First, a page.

US8798796Oct 21, 2009Aug 5, 2014Lennox Industries Inc.General control techniques in a heating, ventilation and air conditioning network
US8802981Oct 21, 2009Aug 12, 2014Lennox Industries Inc.Flush wall mount thermostat and in-set mounting plate for a heating, ventilation and air conditioning system
US8855825Oct 21, 2009Oct 7, 2014Lennox Industries Inc.Device abstraction system and method for a distributed-architecture heating, ventilation and air conditioning system
US8874815Oct 21, 2009Oct 28, 2014Lennox Industries, Inc.Communication protocol system and method for a distributed architecture heating, ventilation and air conditioning network
US8892797Oct 21, 2009Nov 18, 2014Lennox Industries Inc.Communication protocol system and method for a distributed-architecture heating, ventilation and air conditioning network
US8977794Oct 21, 2009Mar 10, 2015Lennox Industries, Inc.Communication protocol system and method for a distributed-architecture heating, ventilation and air conditioning network
US8994539Oct 21, 2009Mar 31, 2015Lennox Industries, Inc.Alarm and diagnostics system and method for a distributed-architecture heating, ventilation and air conditioning network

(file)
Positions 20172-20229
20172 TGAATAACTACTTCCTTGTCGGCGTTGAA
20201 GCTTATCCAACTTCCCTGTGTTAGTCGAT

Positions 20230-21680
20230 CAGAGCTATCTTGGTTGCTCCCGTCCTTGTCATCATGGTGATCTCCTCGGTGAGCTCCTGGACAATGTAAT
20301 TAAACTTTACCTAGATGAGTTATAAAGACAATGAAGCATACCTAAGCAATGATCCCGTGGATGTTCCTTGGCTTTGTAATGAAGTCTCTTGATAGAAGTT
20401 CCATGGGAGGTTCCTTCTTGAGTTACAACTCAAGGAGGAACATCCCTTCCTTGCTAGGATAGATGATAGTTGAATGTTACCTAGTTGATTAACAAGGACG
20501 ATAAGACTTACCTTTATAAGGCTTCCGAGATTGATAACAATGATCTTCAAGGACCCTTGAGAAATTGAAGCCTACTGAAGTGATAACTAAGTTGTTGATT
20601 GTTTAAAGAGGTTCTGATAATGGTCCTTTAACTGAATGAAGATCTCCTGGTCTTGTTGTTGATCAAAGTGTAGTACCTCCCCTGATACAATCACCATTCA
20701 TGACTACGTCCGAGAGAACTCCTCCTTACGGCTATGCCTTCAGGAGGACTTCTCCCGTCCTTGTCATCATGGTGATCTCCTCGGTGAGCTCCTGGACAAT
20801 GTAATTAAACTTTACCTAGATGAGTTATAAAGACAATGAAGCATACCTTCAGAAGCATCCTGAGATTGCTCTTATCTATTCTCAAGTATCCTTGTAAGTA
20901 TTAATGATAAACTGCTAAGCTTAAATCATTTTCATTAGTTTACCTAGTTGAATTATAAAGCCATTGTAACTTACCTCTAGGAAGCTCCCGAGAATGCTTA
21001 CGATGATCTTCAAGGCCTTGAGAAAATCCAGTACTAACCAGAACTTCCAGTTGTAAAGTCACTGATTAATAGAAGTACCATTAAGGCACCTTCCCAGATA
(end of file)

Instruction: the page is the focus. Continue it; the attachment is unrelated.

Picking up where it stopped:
US20100154691 *Dec 17, 2009Jun 24, 2010Metso Power OyHandling device for liquor guns of a recovery boiler plant, a recovery boiler plant, and a method in a recovery boiler
US20110184707 *Jan 24, 2011Jul 28, 2011Yamatake CorporationPid adjustment support device and method
CN1926391BMar 2, 2005Sep 14, 2011开利公司Pressure regulation in a transcritical refrigerant cycle
CN100538219CMar 2, 2005Sep 9, 2009开利公司Non-linear control algorithm in vapor compression systems
WO2005089121A2 *Mar 2, 2005Sep 29, 2005Carrier CorpNon-linear control algorithm in vapor compression systems
Classifications
U.S. Classification236/44.00C, 318/610, 236/78.00D, 700/42
International ClassificationG05B5/01, G05B11/42, G05D23/19
Cooperative ClassificationG05B5/01, G05B11/42, G05D23/1906
European ClassificationG05D23/19C, G05B11/42, G05B5/01
Legal Events
DateCodeEventDescription
Apr 27, 1999FPExpired due to failure to pay maintenance fee
Effective date: 19990212
Feb 14, 1999LAPSLapse for failure to pay maintenance fees
Sep 8, 1998REMIMaintenance fee reminder mailed
Jun 17, 1994FPAYFee payment
Year of fee payment: 4
Mar 27, 1990ASAssignment
Owner name: HONEYWELL INC., HONEYWELL PLAZA, MINNEAPOLIS, MN.
Free format text: ASSIGNMENT OF ASSIGNORS INTEREST.;ASSIGNORS:BIRD, DOUGLAS D.;UHRICH, DANIEL T.;REEL/FRAME:005265/0381
Effective date: 19900327